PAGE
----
Dead Indian Pass 


Dead Indian Pass runs in an east westerly direction, south of Beartooth Pass. The proximity makes the difference between these two passes even more amazing. While Beartooth Pass crosses the "hard rock" Beartooth Plateau, Dead Indian Pass crosses the colorful, volcanic Absaroka mountains, containing spires and interesting erosional features. You rarely see the name "Dead Indian Pass" anymore. Instead the more refined name "Chief Joseph Highway" is used on road signs. Regardless, both names commemorate not the same Indian, but the same set of events, the time when Chief Joseph and his Nez Perce Indians were hunted halfways across the continent because they could not live in the reservation, deemed suitable by the government. A detailed set of signs on the summit inform about the battles fought and a dead Indian left behind by the Nez Perce.
 

01.(mile00,5580ft) START-END WEST: Chief Joseph Highway crossing Basin Creek
02.(mile01,6240ft) intermediate high point
03.(mile02,6070ft) START-END WEST ALTERNATE: Chief Joseph Highway crossing Indian Creek
04.(mile10,8048ft) Dead Indian Pass
05.(mile23,4990ft) START-END EAST: jct Mo120 - Chief Joseph Highway
 

Approaches

From West. Chief Joseph highway begins where either Colter Pass or Beartooth Pass ends. Following the valley of Clark's Fork of the Yellowstone south, Pilot Peak (11708ft) is the scenic background to a pastoral foreground for many miles. Pilot Peak is true to its name. It is the outstanding visual feature of all three pass approaches that converge here. This side of the approach contains ample rolling hills before the pass proper even begins to start. It does so only after crossing Clark's Fork of the Yellowstone and climbing high above the deep canyon.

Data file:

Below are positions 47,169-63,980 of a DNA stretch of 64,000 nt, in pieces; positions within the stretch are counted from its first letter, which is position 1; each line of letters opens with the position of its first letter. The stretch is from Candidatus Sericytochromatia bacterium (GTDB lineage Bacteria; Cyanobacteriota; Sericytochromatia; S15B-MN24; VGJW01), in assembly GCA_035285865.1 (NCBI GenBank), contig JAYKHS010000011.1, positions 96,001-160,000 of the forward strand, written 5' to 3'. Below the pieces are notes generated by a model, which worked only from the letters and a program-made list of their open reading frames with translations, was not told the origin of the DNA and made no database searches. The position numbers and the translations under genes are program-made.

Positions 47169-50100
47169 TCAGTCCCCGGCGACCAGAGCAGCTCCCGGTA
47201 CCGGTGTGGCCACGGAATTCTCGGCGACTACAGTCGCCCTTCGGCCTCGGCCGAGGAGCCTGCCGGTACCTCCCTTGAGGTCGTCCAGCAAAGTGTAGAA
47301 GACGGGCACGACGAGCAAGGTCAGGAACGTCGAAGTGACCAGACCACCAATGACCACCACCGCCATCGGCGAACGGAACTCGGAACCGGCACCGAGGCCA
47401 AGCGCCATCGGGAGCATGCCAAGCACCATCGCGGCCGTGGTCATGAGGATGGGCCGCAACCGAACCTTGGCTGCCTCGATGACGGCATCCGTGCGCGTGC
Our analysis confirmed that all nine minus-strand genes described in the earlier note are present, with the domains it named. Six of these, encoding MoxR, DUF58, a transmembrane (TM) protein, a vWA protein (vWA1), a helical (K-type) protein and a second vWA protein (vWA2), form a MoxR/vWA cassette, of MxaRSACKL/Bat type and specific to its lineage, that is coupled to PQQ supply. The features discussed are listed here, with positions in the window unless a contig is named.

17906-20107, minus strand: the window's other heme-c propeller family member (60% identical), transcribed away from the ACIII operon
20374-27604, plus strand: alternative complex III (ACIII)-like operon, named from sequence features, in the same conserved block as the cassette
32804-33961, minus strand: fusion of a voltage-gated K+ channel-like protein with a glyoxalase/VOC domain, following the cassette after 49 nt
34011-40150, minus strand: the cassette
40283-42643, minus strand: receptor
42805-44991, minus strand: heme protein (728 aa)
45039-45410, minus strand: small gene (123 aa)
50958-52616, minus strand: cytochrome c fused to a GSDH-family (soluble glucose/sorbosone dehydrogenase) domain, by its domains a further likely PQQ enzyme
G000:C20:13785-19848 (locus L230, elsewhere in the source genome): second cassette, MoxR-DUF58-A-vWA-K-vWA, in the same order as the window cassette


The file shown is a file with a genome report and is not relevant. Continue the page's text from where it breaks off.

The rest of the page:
From East. The pass starts to climb steeply right in the beginning. Far flung switchbacks lead through colorful sedimentary rocks to ever vaster views of the bleak Bighorn Basin below.

 

Tours

Dayrides. A ride over Chief Joseph Highway from its junction with the Beartooth Pass road to its junction with Wy120, and back by the same route, measured 68 miles (no altitude data available).

Two or Three Day road Tour.  The pass can be cycled in a circle combined with the bigger Beartooth Pass, completing the circle over Wy120 between Cody and Red Lodge. In order to sleep somewhere halfways civilized on a three day tour it is necessary to add on an out and back section to Cody. The other overnight stop is Red Lodge. An additional out and back section to Cooke City or West Yellowstone over Colter Pass is also worthwhile. A two day version of this ride, starting in Silver Gate ( located between Cooke City and West Yellowstone ) and skipping the detour to Cody, measured 112 miles over Colter Pass, Dead Indian Pass and Wy120, 70 miles between the same endpoints over Beartooth Pass and Colter Pass again (no measured altitude data available).  It is described further on this page, under the heading "my first  Rocky Mountain Pass".



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